We've been pioneering Parkinson's disease (PD) knowledge, accelerating treatments and improving care for more than a half-century.
1960s - 1970s
These two decades brought many notable Parkinson's research advances:
- In 1962, we funded our first postdoctoral fellow, Dr. Roger Duvoisin, who made decades' worth of breakthrough PD advancements.
- In 1965, Columbia University Medical Center, with funding from the Parkinson's Foundation, opened basic science laboratories in the William Black Building.
- In 1965, we sponsored the first of many scientific conferences: one discussing the thalamus and the other on the biochemistry and pharmacology of the basal ganglia.
- In 1967, Dr. Margaret Hoehn, a Parkinson's Foundation postdoctoral fellow, published, with Dr. Melvin Yahr, a seminal paper on the natural history of Parkinson's.
- In the same year, at our Columbia University Research Center, the pair went on to develop the first standard tools to measure Parkinson's progression — the Hoehn and Yahr scale.
- In 1969, Dr. Yahr and Parkinson's Foundation colleagues published results of the first double-blind trial of levodopa, the first medication to truly relieve Parkinson's symptoms.
- In 1971, Dr. Duvoisin developed the forerunner to the Unified Parkinson Disease Rating Scale — the Columbia University Rating Scale, which is still the second most widely used Parkinson's rating scale.
- In 1971, to continue the rapid pace of PD discoveries, the Parkinson's Foundation began funding summer fellowships for medical students. These awards were the first to encourage young scientists to pursue Parkinson's research.
The 70s also brought relief for many people living with Parkinson's. Following up on his 1969 levodopa trial, Dr. Yahr and his colleagues — with funding from the Parkinson's Foundation and in collaboration with Merck, Inc. — published the first double-blind clinical trial of carbidopa/levodopa (Sinemet®) in 1971. It's now the gold-standard therapy for Parkinson's.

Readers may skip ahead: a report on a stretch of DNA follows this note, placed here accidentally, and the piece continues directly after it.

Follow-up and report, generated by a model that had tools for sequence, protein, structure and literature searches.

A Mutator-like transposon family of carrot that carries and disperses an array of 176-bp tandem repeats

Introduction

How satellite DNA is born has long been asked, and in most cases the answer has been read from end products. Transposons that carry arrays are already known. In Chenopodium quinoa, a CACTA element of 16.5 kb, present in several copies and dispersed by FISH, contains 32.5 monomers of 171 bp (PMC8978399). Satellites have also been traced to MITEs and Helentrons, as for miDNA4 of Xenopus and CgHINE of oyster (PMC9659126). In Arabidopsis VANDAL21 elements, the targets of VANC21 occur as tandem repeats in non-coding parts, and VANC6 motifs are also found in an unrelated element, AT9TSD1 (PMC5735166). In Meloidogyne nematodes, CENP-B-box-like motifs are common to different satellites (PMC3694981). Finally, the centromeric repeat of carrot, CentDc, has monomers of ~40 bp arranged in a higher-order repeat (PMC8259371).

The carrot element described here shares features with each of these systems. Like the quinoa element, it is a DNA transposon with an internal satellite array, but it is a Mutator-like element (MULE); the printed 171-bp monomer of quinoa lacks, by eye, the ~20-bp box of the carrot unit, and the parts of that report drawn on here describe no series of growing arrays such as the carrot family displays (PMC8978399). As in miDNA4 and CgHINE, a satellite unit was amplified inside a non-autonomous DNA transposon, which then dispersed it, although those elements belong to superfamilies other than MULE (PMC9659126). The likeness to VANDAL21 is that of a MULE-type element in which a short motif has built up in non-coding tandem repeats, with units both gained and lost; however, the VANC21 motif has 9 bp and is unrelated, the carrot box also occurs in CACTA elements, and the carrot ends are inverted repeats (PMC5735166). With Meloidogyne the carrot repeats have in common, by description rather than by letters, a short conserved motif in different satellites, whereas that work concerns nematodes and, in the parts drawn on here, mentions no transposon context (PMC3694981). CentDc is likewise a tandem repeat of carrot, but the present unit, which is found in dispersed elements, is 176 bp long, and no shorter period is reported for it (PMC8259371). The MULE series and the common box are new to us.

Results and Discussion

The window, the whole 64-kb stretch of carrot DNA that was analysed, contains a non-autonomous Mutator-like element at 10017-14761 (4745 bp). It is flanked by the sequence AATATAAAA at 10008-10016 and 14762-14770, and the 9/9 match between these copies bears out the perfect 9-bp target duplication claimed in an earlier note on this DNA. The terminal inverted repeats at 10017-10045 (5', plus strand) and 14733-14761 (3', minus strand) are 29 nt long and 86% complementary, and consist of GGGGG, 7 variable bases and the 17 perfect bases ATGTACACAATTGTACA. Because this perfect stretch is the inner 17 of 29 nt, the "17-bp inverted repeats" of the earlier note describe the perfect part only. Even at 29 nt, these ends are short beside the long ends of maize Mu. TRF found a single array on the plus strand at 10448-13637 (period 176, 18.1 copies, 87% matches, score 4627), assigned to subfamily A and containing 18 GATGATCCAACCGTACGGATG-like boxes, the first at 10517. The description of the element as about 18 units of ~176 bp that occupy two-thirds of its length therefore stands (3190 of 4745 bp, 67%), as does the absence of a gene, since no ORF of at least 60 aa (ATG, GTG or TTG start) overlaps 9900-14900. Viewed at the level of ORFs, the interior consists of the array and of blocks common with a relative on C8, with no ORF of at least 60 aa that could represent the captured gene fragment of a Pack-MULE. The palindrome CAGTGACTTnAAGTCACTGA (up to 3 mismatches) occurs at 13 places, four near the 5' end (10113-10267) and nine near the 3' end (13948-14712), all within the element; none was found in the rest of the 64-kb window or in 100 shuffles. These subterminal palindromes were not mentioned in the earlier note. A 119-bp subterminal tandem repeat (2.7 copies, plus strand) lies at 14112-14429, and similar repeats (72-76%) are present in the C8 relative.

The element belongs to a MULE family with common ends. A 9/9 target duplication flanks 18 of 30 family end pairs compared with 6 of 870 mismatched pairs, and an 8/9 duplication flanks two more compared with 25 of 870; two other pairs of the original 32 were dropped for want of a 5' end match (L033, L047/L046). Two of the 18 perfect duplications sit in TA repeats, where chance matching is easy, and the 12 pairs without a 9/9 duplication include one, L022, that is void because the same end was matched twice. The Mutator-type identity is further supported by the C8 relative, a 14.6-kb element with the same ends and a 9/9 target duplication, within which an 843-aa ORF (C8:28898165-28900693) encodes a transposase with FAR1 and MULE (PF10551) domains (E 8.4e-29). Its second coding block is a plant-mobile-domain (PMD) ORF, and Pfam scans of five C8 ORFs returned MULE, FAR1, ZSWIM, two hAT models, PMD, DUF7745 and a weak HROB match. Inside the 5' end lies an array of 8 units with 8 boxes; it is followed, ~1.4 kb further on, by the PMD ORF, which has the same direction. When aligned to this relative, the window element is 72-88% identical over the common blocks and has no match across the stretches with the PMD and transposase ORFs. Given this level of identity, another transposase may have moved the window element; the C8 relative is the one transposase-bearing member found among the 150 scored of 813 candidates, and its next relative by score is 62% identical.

Breakthrough discovery of alpha-synuclein — the first gene associated with Parkinson's.
The Parkinson's Outcomes Project is launched, becoming the largest-ever clinical study of Parkinson's with more than 13,000 participants in four countries.
In the 1980s, the Parkinson's Foundation began investing in first-of-their-kind movement disorder training fellowships at Columbia University and Rush University. To date, these fellowships have trained more than 150 specialists.
- In 1984, Drs. Stanley Fahn, MD, and Ira Shoulson, of the University of Rochester, a Parkinson's Foundation Center of Excellence, set up the Parkinson Study Group. This consortium of scientists focuses on advancing clinical trials to accelerate drug development.
- In 1985, the Parkinson's Foundation established our Center of Excellence Network, which today consists of 45 designated medical centers worldwide that deliver care to more than 127,000 people with Parkinson's, create a community of health care professionals dedicated to expert PD care.
- In 1987, Dr. Fahn and his colleagues developed the Unified Parkinson's Disease Rating Scale, now widely used in Parkinson's research and clinical trials.
- In 1988, we collaborated with the United Parkinson Foundation to create a Junior Faculty Award that supports the research of early-career Parkinson's scientists.
- In 1990, with our funding, Dr. Duvoisin and his team described the Contursi kindred — the first description of inherited Parkinson's.